Merran Smith, director of Clean Energy Canada, released the following statement in response to remarks made this afternoon by the Hon. Bill Bennett, British Columbia’s Minister of Energy, concerning the potential electrification of the province’s proposed liquefied natural gas plants.
It is surprising that the Minister appears to be dismissing outright a proven technical solution that will create 400 additional permanent jobs and less carbon pollution without threatening the LNG sector’s competitiveness. Maximizing use of renewable power for LNG also enjoys tremendous public support.
The Minister is concerned about introducing new conditions into industry negotiations, but the reality is renewables and LNG have been on the table for years.
Two years ago, the government of British Columbia stated its preference for using renewable electricity to power LNG. Speaking at the World Economic Forum in China in 2012, the Premier said, ‘We have set a goal to have the cleanest LNG in the world. We want our LNG plants to be principally fueled by renewables.’
That same year, the Hon. Rich Coleman, Minister of Natural Gas Development, said that “We’re trying to stay away as much as possible from having to use gas for power… we should… reduce gas generation by using it to firm renewables.’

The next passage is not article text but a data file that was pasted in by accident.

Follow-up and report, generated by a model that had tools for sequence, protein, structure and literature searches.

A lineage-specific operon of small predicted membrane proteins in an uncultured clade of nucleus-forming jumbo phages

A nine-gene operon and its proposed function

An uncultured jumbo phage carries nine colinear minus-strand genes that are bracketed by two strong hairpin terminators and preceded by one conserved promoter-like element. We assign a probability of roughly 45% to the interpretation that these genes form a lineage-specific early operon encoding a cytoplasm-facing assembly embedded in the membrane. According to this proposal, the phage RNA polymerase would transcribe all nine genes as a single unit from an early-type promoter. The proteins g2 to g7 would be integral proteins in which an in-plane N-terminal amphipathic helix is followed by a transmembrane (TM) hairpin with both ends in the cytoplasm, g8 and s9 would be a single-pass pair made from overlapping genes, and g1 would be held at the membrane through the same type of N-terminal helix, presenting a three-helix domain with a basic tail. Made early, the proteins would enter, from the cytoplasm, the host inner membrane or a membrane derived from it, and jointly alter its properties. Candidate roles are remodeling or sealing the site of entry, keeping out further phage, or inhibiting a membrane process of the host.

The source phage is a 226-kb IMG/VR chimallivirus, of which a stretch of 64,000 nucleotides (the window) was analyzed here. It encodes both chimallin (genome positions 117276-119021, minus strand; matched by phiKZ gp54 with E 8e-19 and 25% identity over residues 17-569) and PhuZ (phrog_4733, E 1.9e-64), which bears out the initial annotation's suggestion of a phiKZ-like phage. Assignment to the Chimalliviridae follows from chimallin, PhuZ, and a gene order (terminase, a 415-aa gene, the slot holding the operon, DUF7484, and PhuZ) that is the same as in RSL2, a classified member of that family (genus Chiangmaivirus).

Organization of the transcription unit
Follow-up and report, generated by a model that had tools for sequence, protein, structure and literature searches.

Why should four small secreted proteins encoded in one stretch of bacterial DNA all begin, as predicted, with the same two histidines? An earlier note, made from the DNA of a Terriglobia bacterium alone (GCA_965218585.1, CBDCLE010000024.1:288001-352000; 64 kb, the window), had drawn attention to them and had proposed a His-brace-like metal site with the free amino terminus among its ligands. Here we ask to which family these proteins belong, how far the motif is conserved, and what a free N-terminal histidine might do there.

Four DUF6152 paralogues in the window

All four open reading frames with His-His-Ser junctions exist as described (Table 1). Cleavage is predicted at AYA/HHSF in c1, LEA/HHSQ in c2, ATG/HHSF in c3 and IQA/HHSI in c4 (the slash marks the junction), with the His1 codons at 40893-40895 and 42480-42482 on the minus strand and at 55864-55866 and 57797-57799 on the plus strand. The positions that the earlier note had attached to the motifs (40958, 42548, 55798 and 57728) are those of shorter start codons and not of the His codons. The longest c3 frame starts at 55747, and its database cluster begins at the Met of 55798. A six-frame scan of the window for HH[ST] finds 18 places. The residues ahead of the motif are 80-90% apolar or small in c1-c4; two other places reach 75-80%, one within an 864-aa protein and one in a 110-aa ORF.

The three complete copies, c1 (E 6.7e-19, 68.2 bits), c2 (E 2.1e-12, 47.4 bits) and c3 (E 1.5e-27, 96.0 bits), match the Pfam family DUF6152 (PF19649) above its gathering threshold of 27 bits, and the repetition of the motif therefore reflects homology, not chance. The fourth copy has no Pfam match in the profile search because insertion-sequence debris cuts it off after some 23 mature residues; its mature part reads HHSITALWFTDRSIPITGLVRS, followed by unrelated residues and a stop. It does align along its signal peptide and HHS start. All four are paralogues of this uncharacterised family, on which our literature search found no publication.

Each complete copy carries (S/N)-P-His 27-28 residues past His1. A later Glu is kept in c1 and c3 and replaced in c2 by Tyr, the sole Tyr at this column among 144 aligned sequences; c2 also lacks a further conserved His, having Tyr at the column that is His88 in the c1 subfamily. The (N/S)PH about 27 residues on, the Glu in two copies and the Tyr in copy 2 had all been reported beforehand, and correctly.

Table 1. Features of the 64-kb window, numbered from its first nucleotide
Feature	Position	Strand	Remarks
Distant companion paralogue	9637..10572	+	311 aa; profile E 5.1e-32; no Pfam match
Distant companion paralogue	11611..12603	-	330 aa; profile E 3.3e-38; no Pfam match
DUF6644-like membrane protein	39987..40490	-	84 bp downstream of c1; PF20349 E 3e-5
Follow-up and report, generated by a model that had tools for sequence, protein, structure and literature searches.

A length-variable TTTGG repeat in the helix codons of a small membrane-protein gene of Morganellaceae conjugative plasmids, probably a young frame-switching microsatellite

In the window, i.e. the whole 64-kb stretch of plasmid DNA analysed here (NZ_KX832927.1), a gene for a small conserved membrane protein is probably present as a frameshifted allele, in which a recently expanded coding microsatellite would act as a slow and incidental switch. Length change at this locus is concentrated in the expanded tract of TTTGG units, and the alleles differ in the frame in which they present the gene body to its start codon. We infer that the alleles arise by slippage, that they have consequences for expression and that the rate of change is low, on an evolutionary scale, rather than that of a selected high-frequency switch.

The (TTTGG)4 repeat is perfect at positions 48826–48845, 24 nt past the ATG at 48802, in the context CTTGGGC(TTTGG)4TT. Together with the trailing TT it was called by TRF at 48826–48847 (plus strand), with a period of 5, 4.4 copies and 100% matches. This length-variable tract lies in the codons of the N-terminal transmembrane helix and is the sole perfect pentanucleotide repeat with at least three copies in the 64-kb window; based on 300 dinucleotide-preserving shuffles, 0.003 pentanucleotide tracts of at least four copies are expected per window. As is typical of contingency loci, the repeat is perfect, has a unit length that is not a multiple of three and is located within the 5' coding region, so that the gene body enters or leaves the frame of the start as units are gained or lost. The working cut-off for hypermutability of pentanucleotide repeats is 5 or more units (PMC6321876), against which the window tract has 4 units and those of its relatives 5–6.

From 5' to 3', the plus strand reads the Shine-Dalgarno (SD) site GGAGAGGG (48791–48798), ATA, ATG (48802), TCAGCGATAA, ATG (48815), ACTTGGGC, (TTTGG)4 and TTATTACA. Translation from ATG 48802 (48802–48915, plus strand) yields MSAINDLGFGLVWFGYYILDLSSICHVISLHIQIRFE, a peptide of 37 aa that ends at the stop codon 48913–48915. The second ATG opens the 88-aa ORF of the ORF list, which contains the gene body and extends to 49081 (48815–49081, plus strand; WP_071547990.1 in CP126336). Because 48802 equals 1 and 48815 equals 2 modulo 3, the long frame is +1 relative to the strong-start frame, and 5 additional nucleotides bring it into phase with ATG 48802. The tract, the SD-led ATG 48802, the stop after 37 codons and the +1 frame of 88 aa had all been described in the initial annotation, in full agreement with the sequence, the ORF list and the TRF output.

Electric drives powered by renewables represent a win-win-win —they will create more jobs and less pollution for northern communities, they don’t threaten competitiveness, and they will leave a lasting legacy of infrastructure and permanent employment that will remain long after the LNG boom has passed.
To schedule an interview with Merran Smith, please contact:
James Glave, Communications Director, Clean Energy Canada
The minister made his remarks in response to our new report: Lock in Jobs, Not Pollution: How British Columbia’s Proposed Liquefied Natural Gas Industry Can Create a Lasting Renewable Energy Legacy—and Why It Should.
In a recent (October 2013) poll conducted last October by NRG Research Group, respondents were advised that LNG plants could run on either pure natural gas, or a combination of natural gas and renewable energy. After learning this, 91 percent stated that it was either “very important” or “somewhat important” that the proposed plants maximize their use of renewable energy.
Further, 89 percent of those surveyed said it was either “very important” or “somewhat important” that the proposed LNG industry minimize its greenhouse gas emissions, even if doing so means less LNG will be developed.
(NRG Research Group surveyed 600 British Columbians by telephone between October 4 and 6. The results have a margin of error of +/- 4.1 percent, 19 times out of 20.)